Cutting-Edge Treatments in Prostate, Breast and Blood Cancer
While the eradication of cancer is still a dream, new treatments – some that involve a scalpel but many that do not – provide hope for a longer life expectancy coupled with a higher quality of life. Maryland Physician Magazine spoke with three Maryland cancer experts – Jonathan J. Hwang, M.D., Theodore N. Tsangaris, M.D. and Maria R. Baer, M.D. – to learn about the latest developments in the fight against prostate, breast and blood cancers.
Prostate Cancer: Good News on Multiple Fronts
Dr. Hwang, M.D., director, Robotic Surgery Program, Washington Hospital Center, is clearly buoyed by the many exciting developments in prostate cancer treatment and the increasingly early detection of this second-most prevalent male cancer. “In the past five years, when the cancer is caught early, we’ve had a growing array of treatment options,” he exults. “Which are right for a given patient depends not only on PSA and Gleason scores, but also on life expectancy, the patient’s risk tolerance and other factors.”
Sophisticated software tools are helping permit more nuanced treatment decisions. A prognostic tool developed by Memorial Sloan-Kettering Cancer Center analyzes PSA values, biopsy pathology data, hormone and radiation information to predict the disease course, and the likelihood of indolent versus aggressive prostate cancer.
Robotic Surgery Cuts Morbidity
Dr. Hwang observes, “A 2010 New England Journal of Medicine article concluded that, when patients have less than a 15-year life expectancy, we can use surveillance unless the cancer is aggressive. However, there’s an ongoing debate about the best treatment for younger men with aggressive disease but no significant co-morbidity. Most urologists believe that surgery offers the best chance of a cure.”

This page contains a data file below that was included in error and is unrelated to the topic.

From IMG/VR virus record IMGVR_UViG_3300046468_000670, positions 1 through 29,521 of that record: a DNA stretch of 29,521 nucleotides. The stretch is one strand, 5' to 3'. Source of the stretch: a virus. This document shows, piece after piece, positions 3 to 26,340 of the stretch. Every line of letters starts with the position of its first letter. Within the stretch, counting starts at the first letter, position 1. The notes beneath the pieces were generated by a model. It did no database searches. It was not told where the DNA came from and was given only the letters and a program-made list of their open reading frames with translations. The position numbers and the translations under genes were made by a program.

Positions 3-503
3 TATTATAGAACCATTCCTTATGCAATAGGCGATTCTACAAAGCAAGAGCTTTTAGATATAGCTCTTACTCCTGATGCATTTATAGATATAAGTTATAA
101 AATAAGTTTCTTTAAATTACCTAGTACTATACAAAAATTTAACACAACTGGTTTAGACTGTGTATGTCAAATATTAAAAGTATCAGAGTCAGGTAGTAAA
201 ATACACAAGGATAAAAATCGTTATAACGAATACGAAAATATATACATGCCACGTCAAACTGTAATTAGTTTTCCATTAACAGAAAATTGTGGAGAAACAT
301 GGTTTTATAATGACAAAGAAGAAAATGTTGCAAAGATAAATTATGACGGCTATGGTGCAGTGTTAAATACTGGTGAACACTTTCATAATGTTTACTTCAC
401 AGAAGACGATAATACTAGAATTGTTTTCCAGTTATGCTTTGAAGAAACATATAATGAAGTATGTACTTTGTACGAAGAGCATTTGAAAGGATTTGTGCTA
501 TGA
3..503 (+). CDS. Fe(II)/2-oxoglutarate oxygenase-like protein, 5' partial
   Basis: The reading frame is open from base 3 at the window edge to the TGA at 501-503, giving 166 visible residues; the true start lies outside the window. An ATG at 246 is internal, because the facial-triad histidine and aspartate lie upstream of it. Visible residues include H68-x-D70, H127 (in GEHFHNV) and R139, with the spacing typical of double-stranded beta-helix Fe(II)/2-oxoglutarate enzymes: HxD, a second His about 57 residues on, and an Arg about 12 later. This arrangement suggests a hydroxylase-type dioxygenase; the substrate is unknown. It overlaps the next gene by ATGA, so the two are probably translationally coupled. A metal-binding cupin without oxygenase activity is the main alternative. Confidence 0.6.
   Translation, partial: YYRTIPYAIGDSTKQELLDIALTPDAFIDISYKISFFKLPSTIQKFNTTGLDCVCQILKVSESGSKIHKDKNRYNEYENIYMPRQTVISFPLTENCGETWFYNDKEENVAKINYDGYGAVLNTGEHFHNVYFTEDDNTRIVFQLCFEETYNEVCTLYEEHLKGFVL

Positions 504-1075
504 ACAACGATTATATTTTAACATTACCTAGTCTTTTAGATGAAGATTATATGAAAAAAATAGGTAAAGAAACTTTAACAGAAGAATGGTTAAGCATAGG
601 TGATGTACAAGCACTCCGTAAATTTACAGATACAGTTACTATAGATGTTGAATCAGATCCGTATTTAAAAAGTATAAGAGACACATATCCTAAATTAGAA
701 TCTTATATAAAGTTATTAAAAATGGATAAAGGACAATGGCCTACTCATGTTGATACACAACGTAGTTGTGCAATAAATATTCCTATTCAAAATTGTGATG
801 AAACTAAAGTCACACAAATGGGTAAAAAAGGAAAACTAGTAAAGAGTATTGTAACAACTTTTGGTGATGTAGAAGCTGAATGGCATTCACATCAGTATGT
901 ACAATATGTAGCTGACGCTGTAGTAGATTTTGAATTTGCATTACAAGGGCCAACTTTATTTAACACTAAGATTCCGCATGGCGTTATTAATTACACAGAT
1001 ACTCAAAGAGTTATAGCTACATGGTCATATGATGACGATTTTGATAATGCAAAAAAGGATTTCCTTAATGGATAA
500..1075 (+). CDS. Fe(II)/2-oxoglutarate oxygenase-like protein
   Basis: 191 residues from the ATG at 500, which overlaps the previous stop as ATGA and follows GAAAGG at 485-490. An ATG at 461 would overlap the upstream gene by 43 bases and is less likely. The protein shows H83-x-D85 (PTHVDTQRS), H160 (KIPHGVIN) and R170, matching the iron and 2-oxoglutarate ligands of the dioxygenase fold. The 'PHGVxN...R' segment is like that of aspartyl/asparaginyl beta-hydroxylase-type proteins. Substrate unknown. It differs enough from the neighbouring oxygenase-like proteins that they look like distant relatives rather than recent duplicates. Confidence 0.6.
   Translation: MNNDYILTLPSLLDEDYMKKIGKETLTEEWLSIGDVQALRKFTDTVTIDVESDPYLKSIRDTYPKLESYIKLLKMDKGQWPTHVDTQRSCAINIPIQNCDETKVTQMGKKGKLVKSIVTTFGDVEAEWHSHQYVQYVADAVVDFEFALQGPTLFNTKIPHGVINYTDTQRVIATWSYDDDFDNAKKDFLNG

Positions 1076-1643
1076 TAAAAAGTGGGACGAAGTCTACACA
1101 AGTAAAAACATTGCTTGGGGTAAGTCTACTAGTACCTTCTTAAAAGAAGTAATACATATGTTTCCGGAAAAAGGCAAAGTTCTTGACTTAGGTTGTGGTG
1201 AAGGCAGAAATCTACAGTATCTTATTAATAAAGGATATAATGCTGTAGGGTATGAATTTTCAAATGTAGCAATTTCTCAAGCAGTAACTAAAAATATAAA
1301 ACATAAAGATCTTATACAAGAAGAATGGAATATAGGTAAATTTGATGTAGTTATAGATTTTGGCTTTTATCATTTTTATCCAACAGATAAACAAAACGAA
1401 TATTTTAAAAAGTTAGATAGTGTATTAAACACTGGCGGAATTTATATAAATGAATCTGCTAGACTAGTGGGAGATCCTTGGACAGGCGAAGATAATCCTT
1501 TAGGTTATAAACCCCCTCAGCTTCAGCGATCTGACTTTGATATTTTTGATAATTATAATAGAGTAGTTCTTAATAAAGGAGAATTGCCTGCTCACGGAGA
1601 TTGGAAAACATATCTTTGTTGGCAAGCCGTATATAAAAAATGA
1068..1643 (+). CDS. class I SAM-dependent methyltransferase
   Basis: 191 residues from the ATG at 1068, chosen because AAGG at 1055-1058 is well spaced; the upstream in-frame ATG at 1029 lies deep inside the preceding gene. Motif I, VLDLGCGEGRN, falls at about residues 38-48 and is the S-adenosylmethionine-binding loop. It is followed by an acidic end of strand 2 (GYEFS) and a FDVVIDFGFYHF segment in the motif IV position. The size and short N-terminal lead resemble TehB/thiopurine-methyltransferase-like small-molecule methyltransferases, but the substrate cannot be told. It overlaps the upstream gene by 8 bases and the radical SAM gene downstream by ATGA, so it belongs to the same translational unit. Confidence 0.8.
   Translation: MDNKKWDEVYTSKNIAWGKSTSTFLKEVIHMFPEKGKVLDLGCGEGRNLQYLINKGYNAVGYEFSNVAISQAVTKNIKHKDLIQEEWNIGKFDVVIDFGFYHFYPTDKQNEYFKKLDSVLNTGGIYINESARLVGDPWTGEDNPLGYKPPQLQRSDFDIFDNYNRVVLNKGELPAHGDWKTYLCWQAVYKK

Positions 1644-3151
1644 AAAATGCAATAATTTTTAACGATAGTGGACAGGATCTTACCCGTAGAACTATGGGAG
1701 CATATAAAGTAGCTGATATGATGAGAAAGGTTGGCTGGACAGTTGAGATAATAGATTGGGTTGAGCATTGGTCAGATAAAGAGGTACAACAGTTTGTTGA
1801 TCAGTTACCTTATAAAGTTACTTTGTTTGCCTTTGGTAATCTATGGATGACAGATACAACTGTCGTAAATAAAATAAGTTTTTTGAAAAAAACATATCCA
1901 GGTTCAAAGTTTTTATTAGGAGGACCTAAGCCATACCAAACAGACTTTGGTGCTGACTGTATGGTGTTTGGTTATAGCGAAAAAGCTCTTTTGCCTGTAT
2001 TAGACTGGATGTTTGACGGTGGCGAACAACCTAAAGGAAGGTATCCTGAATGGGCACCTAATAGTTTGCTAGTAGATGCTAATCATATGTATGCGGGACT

Increasing expertise in robotic-assisted prostatectomies is thankfully cutting the risk of life-altering side effects such as incontinence and impotence. Dr. Hwang notes, “The risk of severe incontinence is less than 1% at centers proficient in robotic procedures, compared to 10% with open procedures. Our center also has been able to reduce erectile dysfunction (ED) rates to about 15%, vs. 50% with an open procedure. It’s not the approach per se, but the doctor’s and the center’s experience. I believe robotic surgery will provide more consistent results.”
More Targeted Radiotherapies
Radiotherapy has also witnessed tremendous advances. “Proton beam, IMRT and cyberknife all decrease the amount of radiation scatter and the effects on surrounding tissue, providing highly precise radiotargeting,” comments Dr. Hwang. “Brachytherapy is also effective for early stage cancer, with a low risk of incontinence but a 15 to 20% risk of ED. Also, we’re now trying focal cryotherapy, targeting only sections that demonstrated cancer on biopsy. Preliminary results show that this therapy is effective for patients with early stage cancer, but we don’t yet have long term data.”
Pharmacotherapy Options Exploding
Pharmaceutical options to treat prostate cancer or its side effects have recently exploded, including:
- Provenge, an autologous cellular immunotherapy, used when cancer spreads beyond the prostate and hormone therapy is ineffective.
- Jevtana, which treats patients with metastatic hormone-refractory prostate cancer (mHRPC) previously treated with docetaxel.
- Zytiga, which inhibits the CYP17 enzyme to decrease testosterone production and prevent bone damage.
- Xgeva, which delays the spread to bones and reduces fracture risk.
- Cabozantinib, an experimental drug that may eradicate bone metastases.